Is Facebook resorting to trickery?

September 28, 2012 – While scrolling through my news feed on Facebook yesterday, I noticed something surprising about some of my friends.

No, it wasn’t their political views, although they can completely shock me and make me wish this election was history.

It was this little tidbit: they “like” Walmart.

The revelation may not seem odd, but knowing these people as I do, and knowing that they don’t shop at Walmart in protest of their poor treatment of employees, and use of child labor in China, I knew it wasn’t true. They would never willingly say they “like” Walmart.

That’s when I noticed an image of a beat up tennis ball chewed by a dog that lay in the background that was captioned, “Like if you will miss summer”. I realized the image itself is what they probably liked. And then I began to wonder if it was actually a misleading Walmart ad in disguise?

More and more, I’ve noticed friends “liking” retail sponsors, like, Duracell batteries, Macys, and more. There’s nothing wrong with liking a retail store or product, it just doesn’t strike me as something I would go out of my way to do. Could those companies be deceiving us too, drawing us in with something that we “like” and hiding behind the scenes until it becomes part of the news feed?

This may be common practice, and one that I am late discovering, but if it is what is happening, it is deceptive.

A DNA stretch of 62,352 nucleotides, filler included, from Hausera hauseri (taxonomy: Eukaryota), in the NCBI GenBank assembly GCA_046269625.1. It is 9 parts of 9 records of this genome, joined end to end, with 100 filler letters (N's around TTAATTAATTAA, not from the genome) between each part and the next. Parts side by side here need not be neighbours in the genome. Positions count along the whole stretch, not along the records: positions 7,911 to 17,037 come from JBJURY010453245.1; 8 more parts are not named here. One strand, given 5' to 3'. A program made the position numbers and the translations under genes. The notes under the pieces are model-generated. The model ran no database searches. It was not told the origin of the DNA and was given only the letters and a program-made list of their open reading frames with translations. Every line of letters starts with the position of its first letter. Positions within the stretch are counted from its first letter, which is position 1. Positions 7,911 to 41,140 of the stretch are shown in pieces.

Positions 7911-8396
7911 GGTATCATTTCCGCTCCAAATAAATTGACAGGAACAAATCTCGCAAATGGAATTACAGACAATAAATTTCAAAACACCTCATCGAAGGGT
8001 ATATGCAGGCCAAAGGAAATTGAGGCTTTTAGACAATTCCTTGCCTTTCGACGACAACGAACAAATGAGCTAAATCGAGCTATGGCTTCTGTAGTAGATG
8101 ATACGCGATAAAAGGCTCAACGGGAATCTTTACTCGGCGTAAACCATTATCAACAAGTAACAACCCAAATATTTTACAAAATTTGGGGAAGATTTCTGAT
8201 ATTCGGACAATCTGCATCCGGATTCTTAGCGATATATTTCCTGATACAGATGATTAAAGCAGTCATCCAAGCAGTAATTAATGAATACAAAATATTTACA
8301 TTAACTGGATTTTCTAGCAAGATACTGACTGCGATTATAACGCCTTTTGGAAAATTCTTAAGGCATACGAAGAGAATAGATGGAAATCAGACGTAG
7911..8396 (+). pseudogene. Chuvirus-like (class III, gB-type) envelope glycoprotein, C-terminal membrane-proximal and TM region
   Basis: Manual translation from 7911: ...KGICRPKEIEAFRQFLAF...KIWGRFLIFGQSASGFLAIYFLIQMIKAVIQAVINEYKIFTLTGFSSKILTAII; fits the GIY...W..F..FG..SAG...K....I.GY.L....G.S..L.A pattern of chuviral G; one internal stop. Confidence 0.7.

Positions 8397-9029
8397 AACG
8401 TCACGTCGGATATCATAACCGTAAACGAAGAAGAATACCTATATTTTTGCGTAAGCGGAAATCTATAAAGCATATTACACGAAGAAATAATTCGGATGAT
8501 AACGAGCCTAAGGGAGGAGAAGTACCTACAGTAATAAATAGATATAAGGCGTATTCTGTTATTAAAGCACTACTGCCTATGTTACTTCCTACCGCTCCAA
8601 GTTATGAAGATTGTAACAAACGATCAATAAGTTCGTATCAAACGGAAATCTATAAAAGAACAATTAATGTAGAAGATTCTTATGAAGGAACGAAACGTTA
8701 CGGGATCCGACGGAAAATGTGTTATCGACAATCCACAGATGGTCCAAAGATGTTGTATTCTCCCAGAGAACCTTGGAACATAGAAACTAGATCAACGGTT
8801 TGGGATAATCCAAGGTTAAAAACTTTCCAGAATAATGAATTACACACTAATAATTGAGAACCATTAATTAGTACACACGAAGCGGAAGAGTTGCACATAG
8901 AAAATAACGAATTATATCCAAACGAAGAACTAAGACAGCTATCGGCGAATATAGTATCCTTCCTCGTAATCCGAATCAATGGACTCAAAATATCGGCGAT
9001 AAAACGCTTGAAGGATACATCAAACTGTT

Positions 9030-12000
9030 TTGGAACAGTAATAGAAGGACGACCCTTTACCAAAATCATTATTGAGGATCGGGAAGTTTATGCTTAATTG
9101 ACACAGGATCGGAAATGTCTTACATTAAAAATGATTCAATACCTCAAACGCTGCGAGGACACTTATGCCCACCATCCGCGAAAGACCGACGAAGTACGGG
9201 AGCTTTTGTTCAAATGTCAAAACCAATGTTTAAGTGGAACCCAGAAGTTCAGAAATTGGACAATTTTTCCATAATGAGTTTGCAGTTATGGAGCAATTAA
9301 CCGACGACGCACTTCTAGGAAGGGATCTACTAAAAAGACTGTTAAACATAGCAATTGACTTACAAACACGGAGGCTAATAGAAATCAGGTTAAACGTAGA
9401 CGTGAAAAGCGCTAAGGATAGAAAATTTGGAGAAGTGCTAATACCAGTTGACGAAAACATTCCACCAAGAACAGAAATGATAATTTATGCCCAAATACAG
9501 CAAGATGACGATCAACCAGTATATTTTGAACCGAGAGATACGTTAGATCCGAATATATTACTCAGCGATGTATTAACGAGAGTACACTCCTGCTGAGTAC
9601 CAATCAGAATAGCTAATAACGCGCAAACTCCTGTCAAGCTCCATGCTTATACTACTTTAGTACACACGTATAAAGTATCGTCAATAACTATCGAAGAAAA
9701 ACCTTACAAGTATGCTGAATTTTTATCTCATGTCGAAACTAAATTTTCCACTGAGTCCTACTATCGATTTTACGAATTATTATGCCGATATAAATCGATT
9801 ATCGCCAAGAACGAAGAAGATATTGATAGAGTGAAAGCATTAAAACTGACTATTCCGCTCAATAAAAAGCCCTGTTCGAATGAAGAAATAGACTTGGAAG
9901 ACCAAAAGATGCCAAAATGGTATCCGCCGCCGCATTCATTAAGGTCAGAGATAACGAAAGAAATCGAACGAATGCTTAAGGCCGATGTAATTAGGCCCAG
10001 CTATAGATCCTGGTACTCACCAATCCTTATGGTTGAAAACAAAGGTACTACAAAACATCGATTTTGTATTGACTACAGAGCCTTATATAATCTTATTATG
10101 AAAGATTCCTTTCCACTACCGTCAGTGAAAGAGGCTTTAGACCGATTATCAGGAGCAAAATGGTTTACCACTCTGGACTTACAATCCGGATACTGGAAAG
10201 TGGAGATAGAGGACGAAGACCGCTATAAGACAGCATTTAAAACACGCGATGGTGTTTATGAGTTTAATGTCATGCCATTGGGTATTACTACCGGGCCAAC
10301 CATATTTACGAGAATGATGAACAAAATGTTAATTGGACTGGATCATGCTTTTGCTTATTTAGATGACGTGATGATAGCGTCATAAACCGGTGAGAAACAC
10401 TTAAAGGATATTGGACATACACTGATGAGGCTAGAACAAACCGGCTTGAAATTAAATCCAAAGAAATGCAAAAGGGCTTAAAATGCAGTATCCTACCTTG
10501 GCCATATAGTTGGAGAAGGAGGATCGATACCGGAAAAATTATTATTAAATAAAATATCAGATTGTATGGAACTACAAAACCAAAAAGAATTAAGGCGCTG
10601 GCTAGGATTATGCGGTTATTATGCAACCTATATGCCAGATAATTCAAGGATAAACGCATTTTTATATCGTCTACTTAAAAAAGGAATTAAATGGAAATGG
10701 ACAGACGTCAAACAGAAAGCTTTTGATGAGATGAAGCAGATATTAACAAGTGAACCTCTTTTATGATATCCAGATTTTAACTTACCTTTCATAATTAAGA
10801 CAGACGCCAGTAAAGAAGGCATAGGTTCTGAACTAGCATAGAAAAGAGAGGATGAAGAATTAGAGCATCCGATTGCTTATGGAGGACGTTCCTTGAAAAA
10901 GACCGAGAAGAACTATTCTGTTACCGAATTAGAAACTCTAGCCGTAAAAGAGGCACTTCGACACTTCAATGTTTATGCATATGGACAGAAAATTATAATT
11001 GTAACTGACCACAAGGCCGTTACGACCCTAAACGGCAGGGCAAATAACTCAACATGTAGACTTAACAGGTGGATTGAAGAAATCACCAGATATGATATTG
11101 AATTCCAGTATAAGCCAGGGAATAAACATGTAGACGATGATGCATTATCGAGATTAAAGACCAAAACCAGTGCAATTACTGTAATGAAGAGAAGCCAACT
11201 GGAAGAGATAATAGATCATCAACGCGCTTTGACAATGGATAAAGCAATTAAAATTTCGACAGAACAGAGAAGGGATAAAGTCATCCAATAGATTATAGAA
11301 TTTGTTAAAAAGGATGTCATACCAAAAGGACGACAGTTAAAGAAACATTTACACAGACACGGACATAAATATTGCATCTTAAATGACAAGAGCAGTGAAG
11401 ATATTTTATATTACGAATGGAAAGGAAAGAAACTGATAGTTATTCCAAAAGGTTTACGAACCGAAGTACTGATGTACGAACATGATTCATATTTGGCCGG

I‘ve also noticed that by downloading an updated Facebook app on my iPhone, all of my friends and their information were added as contacts. I honestly don’t remember approving that – that many contacts are way too much to page through. It does concern me, though that Facebook gave me the cell phone numbers of people I only know casually through a social media platform.

Like millions of others, I have a Facebook page, and I post on the rare occasion. I’ve always been more of a lurker. However, the more I learn about their practices, the more leery I become. I never worried about privacy issues before because I thought I was safe; I wouldn’t put anything on Facebook that would compromise me. But now they have my attention.

With Facebook making headlines about their privacy issues, and their stock not living up to expectations, could we be witnessing the beginning of the end for the social media giant?


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A girl trying to live the dream.

4 thoughts on “Is Facebook resorting to trickery?”

  1. I don’t use Facebook any longer and just for the reasons you highlight in your blog. The lack of privacy is troublesome to me and it is also troublesome that most people don’t seem to mind being duped by an entity that uses underhanded practices. I don’t LIKE Facebook.

    1. I would have to agree, Bea. Like I said I thought I was safe because I’m not going to post very personal or compromising stuff, but just the fact that they gave me cell phone numbers for some of my connections makes me very uneasy.

  2. I’m glad to find your post. I noticed the same unlikely “likes” showing up in my news feed. I have directly asked my friends about it, and they confirm that they did not “like” these business pages (Samsung Mobile is another common one). As if there aren’t enough FB ads without resorting to deception! I submitted feedback to Facebook about this, but my guess is that the advertising dollars will speak louder than my complaint.

    1. Joe, I contacted FB too and have not had a reply. Since advertising dollars is the main source of FB’s income, I’m afraid you are right…our complaints will probably be ignored. Thanks for stopping by.

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